2. Diversity and Inclusivity

Nonprofits, which often serve underrepresented and minority groups, must place their focus on recruiting a leader who is reflective of the community their organization serves. A 2018 McKinsey study showed that organizations with diverse leadership were 33 percent more likely to outperform less diverse competitors. Cultivating a diverse, equitable, and inclusive workforce is a commitment that should be applied to staff of all levels. Attract diverse candidates by writing inclusive job descriptions, offering workplace policies that appeal to diverse candidates, and applying blind hiring techniques, like removing names on resumes.

3. Culture Fit

Frequently during the interviewing phase of the executive search process, interviewers keep a running list of checkboxes they're hoping they can mark off. These checkboxes are typically technical skills that are important but don't show a full picture of culture fit.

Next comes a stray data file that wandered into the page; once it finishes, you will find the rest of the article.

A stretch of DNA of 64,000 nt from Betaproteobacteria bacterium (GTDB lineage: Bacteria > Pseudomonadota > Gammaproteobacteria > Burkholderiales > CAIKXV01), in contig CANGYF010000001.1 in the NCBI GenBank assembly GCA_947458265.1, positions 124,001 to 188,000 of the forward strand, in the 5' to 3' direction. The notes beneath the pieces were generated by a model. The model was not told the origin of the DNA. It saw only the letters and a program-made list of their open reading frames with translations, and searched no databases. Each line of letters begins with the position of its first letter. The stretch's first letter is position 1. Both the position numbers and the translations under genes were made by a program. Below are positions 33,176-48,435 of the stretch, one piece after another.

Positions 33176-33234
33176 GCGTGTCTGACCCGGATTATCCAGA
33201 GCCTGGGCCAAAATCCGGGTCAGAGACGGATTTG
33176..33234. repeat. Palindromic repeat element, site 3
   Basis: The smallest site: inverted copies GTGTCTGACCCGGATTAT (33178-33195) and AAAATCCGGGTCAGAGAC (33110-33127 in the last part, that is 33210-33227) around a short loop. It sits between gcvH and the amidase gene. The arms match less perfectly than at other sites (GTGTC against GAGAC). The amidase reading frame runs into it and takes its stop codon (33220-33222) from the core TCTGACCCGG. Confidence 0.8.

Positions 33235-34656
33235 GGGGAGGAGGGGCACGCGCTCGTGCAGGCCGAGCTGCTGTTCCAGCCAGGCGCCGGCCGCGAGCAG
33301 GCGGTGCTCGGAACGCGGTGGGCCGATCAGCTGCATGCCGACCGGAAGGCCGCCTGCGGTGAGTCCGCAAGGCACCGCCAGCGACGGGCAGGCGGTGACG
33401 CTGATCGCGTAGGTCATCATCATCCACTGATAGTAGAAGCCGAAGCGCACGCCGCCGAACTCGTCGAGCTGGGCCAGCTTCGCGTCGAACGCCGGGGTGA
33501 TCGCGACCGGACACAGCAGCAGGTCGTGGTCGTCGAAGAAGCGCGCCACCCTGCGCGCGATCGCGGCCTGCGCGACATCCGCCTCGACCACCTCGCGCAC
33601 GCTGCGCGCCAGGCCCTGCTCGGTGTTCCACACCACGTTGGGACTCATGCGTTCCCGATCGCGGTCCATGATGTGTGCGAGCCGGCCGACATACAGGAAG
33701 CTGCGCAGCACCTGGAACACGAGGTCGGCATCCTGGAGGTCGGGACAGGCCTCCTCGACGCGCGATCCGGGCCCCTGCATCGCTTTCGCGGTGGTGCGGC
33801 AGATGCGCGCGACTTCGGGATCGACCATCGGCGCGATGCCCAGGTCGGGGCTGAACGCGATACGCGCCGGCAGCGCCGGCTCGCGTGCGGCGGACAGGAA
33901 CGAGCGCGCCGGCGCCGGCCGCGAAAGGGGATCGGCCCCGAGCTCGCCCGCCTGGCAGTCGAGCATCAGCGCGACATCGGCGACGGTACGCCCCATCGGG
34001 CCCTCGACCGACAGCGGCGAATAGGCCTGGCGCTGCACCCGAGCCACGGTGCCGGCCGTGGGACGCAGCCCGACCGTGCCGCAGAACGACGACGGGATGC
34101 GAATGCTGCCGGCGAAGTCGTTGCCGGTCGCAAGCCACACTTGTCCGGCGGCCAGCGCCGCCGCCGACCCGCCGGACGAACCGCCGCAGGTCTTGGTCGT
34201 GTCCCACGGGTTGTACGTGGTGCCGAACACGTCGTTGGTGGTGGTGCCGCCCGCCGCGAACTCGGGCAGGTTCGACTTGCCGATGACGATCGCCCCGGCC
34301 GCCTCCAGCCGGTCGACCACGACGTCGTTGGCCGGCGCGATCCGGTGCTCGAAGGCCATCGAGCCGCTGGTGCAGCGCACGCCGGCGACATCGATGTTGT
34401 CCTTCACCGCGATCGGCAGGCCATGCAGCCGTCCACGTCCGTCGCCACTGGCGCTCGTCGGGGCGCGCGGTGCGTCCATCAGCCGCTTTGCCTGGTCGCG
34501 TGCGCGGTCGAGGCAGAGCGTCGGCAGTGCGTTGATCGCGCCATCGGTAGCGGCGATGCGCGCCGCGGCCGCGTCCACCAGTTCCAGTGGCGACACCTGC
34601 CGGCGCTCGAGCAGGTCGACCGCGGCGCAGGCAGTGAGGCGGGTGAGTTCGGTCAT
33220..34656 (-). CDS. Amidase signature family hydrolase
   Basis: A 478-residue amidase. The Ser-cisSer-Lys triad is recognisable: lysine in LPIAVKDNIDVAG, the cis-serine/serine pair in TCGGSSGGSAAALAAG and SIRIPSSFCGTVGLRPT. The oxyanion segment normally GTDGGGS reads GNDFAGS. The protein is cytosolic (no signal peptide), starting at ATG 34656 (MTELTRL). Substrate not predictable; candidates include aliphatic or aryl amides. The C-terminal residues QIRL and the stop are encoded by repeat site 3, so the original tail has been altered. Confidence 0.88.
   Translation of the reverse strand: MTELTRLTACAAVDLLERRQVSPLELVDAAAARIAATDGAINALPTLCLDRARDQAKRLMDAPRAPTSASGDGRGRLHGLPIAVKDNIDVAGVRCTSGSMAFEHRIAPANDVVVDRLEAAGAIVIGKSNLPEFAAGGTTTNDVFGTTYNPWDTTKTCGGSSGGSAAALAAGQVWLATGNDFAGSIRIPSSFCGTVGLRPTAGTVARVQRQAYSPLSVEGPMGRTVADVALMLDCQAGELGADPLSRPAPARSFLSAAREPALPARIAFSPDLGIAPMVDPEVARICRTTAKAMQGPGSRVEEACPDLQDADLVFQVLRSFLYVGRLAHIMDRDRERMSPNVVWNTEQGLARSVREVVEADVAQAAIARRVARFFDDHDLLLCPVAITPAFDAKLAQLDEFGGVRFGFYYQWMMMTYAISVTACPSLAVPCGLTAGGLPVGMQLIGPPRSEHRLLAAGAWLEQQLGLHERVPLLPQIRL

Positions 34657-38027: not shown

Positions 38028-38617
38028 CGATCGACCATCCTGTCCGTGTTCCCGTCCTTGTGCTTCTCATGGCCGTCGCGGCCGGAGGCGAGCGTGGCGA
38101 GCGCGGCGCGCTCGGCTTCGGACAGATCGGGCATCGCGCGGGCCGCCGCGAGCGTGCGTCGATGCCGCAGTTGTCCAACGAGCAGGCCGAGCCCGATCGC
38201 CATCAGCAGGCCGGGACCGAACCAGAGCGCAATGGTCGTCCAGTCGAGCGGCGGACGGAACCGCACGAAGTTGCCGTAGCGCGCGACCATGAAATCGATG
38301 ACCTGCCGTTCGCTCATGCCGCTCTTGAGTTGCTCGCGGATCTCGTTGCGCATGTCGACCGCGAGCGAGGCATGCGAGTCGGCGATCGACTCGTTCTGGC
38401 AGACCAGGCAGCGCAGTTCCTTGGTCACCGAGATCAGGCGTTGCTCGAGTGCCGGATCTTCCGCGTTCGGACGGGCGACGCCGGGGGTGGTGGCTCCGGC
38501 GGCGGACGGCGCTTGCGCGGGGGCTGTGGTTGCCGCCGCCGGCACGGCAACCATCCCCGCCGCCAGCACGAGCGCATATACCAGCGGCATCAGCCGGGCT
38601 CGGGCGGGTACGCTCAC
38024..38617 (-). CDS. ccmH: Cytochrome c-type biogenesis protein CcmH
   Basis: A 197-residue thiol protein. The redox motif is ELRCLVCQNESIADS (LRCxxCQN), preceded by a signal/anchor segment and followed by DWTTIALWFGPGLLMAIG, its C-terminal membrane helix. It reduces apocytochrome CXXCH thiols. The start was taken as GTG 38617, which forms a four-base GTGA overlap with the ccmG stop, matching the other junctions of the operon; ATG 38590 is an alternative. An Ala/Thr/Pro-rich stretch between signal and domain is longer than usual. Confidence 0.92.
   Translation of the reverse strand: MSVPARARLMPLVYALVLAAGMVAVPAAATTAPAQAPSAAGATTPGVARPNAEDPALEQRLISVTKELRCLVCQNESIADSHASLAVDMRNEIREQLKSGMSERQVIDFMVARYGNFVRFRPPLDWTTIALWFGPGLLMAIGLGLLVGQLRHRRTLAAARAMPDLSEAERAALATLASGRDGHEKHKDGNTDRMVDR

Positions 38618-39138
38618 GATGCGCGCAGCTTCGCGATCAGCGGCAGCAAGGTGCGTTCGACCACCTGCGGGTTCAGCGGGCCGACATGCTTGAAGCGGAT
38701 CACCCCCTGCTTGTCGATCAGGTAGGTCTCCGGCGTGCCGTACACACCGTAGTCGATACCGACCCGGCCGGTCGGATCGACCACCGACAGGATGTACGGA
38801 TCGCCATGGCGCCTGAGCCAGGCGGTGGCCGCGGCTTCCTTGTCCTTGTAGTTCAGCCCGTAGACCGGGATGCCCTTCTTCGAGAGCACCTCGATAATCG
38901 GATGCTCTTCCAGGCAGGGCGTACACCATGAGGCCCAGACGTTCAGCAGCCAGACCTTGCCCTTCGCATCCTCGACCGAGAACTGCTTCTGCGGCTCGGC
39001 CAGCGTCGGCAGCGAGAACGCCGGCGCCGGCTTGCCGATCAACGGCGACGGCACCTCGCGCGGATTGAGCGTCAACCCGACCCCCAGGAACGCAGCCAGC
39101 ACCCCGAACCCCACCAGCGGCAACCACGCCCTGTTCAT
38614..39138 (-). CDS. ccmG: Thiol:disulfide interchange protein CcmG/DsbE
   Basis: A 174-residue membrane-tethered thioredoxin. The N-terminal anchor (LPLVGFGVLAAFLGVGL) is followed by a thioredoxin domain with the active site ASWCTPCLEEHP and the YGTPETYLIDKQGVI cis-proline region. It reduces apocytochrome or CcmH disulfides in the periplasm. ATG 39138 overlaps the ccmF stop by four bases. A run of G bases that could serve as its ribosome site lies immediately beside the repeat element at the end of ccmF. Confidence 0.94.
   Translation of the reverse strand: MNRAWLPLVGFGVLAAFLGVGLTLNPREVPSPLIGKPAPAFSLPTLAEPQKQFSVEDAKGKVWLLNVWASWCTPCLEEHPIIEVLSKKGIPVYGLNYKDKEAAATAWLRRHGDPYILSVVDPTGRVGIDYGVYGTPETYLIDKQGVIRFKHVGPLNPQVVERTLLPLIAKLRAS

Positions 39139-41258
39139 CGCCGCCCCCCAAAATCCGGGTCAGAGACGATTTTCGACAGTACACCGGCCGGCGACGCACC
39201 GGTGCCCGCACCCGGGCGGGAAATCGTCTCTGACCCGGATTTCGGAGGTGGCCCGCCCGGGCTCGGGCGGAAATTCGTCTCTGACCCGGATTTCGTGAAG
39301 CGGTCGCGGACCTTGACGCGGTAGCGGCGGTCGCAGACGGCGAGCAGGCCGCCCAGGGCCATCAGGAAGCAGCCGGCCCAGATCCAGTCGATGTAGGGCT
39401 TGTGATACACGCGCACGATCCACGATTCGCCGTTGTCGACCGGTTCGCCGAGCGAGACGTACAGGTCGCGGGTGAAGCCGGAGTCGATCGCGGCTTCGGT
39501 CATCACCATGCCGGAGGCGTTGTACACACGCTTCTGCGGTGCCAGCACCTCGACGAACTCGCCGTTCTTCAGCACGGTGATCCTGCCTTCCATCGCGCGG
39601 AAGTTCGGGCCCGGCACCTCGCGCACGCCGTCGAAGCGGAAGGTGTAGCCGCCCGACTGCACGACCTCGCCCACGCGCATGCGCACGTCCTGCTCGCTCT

Many times overlooked, a candidate's values should align with the organization's values. Hiring decisions should be based on shared values. Will the new ED/CEO be embraced by the staff and the board? No matter how qualified a candidate may be, you don't want someone who will alienate valuable members of the organization and create disruption. If your nonprofit's core value is agility, be sure the ED/CEO's previous experience supports and exhibits that.

4. Financial Management

The ED/CEO needs to come in with financial acumen that supports the organization and its financial health. Look for past experience in resource allocation, fund development, and revenue generation to name a few.